Reading Notes B

Reading Notes B - Chapter 7 Trait Approaches to Personality...

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Chapter 7: Trait Approaches to Personality: Allport, Eysenck, & Cattell - Trait: describes people’s typical styles of experience and action, hierarchically organized, from specific to general responses - Most theorists use factor analysis to develop classification of traits - Eysenck: basic dimensions of personality are introversion-extraversion, neuroticism, and psychoticism. - Questionnaires usually developed to assess people along trait dimensions - Trait theorists such as Allport, Eysenck, and Cattell share an emphasis on broad dispositions to respond as central to personality. However, their approaches differ in many ways, most importantly concerning the use of factor analysis to discover traits and the number of traits to be used in the description of personality Chapter 8: Trait Theory: The Five-Factor model; Applications and Evaluation of Trait Approaches to Personality - Over 5000 English words that describe personality traits - Researchers in 1980s and 90s focused on organizing them into a coherent structure - Five broad dimensions are generally agreed upon. The “Big Five” – named for breadth and abstraction - Support for these five came from factor analyses, cross-cultural research, and trait questionnaires - OCEAN: Neuroticism, Extraversion, Openness, Agreeableness, ad Conscientiousness - Fundamental Lexical Hypothesis: over time humans have found some individual differences particularly important in their interactions and have developed terms for easy reference to them - Cross-culturally, the five have been supported, although Openness has the weakest replicability - NEO-PI-R is a very elaborate and widely used questionnaire that measure the five factors o Found to correlate with scores on other personality measures o Can be self-reports or completed by others - Costa & McCrae also divided each factor into 6 or more specific facets o Argued these factors are biologically based, most likely to argue nature side of debate, uninfluenced by the environment, o Problems with the theory: hard to link trait theories with personality processes, biological development of these traits is unidentified, research findings suggest that social factors do influence traits - Age differences: Older adults score higher in N, E, and O and lower in A and C. Traits stabilize after age 30, seven factors have been found in children, personality is more stable over short periods of time and during adulthood - Those high in C live longer, less likely to die violently, by accident. Also less likely to smoke and drink heavily, more likely to exercise and eat right,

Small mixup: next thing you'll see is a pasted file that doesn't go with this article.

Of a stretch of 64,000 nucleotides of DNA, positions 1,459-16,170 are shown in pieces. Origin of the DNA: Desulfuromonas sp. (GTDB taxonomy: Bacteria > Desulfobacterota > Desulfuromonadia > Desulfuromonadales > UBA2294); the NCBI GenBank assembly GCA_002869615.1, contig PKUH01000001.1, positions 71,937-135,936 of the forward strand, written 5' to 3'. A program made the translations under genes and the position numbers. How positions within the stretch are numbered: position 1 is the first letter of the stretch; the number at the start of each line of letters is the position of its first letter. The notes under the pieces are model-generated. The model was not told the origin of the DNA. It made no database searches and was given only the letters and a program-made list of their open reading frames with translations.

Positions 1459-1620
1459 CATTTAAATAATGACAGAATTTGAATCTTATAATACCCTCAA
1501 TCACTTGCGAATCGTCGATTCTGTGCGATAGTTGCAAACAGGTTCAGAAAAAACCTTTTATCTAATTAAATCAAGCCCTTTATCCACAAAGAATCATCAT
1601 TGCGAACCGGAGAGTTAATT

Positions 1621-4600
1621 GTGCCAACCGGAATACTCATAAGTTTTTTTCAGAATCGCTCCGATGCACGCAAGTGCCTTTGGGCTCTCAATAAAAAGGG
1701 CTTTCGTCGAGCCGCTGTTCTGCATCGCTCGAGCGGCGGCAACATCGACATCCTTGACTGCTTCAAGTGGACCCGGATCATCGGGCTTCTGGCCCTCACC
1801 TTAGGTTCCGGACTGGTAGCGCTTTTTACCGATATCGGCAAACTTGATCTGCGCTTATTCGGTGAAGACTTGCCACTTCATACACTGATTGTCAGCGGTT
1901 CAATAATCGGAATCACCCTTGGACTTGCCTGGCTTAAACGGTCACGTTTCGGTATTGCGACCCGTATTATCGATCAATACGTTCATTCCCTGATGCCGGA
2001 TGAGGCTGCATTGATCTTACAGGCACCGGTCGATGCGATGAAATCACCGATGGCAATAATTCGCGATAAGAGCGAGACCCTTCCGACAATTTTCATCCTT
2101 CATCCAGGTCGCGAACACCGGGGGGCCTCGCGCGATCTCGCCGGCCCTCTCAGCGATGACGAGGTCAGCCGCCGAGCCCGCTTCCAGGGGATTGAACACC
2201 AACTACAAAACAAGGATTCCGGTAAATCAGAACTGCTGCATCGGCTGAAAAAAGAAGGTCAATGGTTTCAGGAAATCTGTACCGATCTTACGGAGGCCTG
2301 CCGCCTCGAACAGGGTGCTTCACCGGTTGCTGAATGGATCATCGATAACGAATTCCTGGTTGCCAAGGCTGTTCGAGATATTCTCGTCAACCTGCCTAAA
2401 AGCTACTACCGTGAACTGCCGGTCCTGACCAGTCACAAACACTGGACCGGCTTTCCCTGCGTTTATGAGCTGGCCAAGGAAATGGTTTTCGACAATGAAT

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- Those with abnormal behavior score on the extremes of the big five - Big five can also be used when considering treatment options and career paths - Problems with the model: offers no therapeutic approach, doesn’t explain psychopathology in detail - Person-situation Controversy: basic human capability to discriminate between different situations and to vary one’s actions in accord with the
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Reading Notes B - Chapter 7 Trait Approaches to Personality...

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